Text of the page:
Photos from Riverside County Animal Services
A horrific illegal cockfighting ring that took place late Friday night in Jurupa Valley, California, was busted by authorities resulting in 143 roosters being euthanized.
Shockingly, more than 200 people were in attendance to witness the carnage for so-called “entertainment” and gambling purposes. The spectators scattered after deputies with the Riverside County Sheriff’s Department arrived around midnight.
Deputies remained at the location until officers from Riverside County Animal Services gathered and sadly euthanized all of the birds, a process that ended at 6:00am.
According to a statement on the Animal Services website, the birds had to be euthanized because the department “cannot adopt out such birds as they are valuable and they would almost always end up back in a cockfighting ring,” They are not suitable pets.
A yet-to-be-identified man who claimed ownership of the 143 birds and relinquished them to officers was cited for a misdemeanor for possession of fighting blades used in such events. While the case remains an open investigation, Animal Services is likely to seek that felony animal cruelty charges are filed with the Riverside County District Attorney’s office.
A typical cockfight, which can last several minutes to more than half an hour, involves two or more birds, known as gamecocks, that are placed in an enclosed pit to fight each other until one or both of the birds are dead. The conditions under which these victimized birds are bred, trained, and confined prior to a fight is equally heartbreaking and barbaric.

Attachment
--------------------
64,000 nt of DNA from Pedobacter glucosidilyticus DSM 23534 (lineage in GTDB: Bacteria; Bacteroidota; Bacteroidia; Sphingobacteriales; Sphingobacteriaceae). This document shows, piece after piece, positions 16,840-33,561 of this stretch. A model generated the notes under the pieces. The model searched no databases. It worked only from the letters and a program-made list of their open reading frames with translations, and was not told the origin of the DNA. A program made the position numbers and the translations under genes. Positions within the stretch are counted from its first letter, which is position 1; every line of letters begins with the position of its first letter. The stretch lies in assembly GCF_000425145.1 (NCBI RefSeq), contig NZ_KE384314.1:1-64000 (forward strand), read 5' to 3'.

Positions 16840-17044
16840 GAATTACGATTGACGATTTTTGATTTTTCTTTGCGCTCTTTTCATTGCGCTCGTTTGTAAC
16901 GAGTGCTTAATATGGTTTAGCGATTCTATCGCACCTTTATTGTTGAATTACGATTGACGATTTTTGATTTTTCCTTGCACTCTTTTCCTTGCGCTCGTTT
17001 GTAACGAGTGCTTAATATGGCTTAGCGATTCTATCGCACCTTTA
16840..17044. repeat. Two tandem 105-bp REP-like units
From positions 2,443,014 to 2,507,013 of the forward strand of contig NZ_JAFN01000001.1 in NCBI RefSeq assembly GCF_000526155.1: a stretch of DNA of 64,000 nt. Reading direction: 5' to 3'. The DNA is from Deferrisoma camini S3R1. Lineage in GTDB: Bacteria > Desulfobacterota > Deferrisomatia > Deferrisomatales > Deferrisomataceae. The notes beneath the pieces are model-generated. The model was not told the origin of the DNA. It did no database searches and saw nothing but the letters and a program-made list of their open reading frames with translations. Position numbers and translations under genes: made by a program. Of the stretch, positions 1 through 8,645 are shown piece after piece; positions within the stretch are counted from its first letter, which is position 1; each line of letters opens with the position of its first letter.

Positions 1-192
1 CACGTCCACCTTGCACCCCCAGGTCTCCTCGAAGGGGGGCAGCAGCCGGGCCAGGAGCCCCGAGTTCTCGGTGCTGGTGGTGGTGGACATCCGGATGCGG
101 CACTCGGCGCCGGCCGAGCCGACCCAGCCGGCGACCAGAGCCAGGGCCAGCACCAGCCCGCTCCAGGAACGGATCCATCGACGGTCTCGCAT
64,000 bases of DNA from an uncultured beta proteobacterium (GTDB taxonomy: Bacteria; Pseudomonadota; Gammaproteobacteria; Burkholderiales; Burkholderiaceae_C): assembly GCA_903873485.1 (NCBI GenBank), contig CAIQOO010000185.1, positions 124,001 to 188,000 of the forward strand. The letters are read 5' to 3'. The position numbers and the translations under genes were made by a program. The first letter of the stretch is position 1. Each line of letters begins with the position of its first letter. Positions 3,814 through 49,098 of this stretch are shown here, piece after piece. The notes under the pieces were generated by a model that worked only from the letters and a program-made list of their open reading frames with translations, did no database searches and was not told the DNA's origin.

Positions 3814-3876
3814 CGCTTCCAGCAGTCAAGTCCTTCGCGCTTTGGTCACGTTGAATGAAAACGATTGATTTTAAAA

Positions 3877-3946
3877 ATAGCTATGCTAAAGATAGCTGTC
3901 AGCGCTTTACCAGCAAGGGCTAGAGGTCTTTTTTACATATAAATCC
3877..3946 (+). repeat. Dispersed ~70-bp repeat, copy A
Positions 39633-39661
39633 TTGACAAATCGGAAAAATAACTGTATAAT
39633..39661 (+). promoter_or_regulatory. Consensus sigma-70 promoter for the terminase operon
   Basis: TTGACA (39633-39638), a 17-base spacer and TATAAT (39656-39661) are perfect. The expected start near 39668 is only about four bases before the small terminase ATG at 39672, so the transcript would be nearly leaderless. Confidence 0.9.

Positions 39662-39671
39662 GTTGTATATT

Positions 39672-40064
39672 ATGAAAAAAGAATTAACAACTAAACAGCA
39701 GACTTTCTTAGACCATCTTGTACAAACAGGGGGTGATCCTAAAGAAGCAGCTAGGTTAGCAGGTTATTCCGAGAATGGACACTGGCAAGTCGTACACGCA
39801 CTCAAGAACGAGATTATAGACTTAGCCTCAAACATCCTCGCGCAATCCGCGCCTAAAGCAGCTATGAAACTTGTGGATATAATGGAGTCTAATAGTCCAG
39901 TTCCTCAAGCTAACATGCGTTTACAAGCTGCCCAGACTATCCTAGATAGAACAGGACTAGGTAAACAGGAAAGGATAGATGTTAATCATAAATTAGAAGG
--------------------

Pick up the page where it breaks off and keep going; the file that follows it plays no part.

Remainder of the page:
The Humane Society of the United States (HSUS) is among the organizations that have been working diligently over the years to change the legal landscape for roosters who are victims of cockfighting, but much more needs to be done.
As of 2021, the HSUS states that cockfighting is a crime in the United States and 42 states penalize it as a felony. It is illegal to be a spectator at fights in 43 states, possess or sell birds for fighting in 39 states, and to possess animal fighting paraphernalia in 29 states. Only five states specifically prohibit adults from taking a child to a cockfight, which, unfathomably, occurs often.
Over the past 20 years, the HSUS has worked with Congress and their allies to upgrade the federal Animal Fighting Prohibition Act five times. This includes making it a federal crime to attend a cockfight, bring a child to a cockfight, or transport birds across states lines for fighting, including shipping birds through the U.S. Postal Service. Most recently, the HSUS fought against severe opposition to pass a bill clarifying that the law applies to all U.S. territories.
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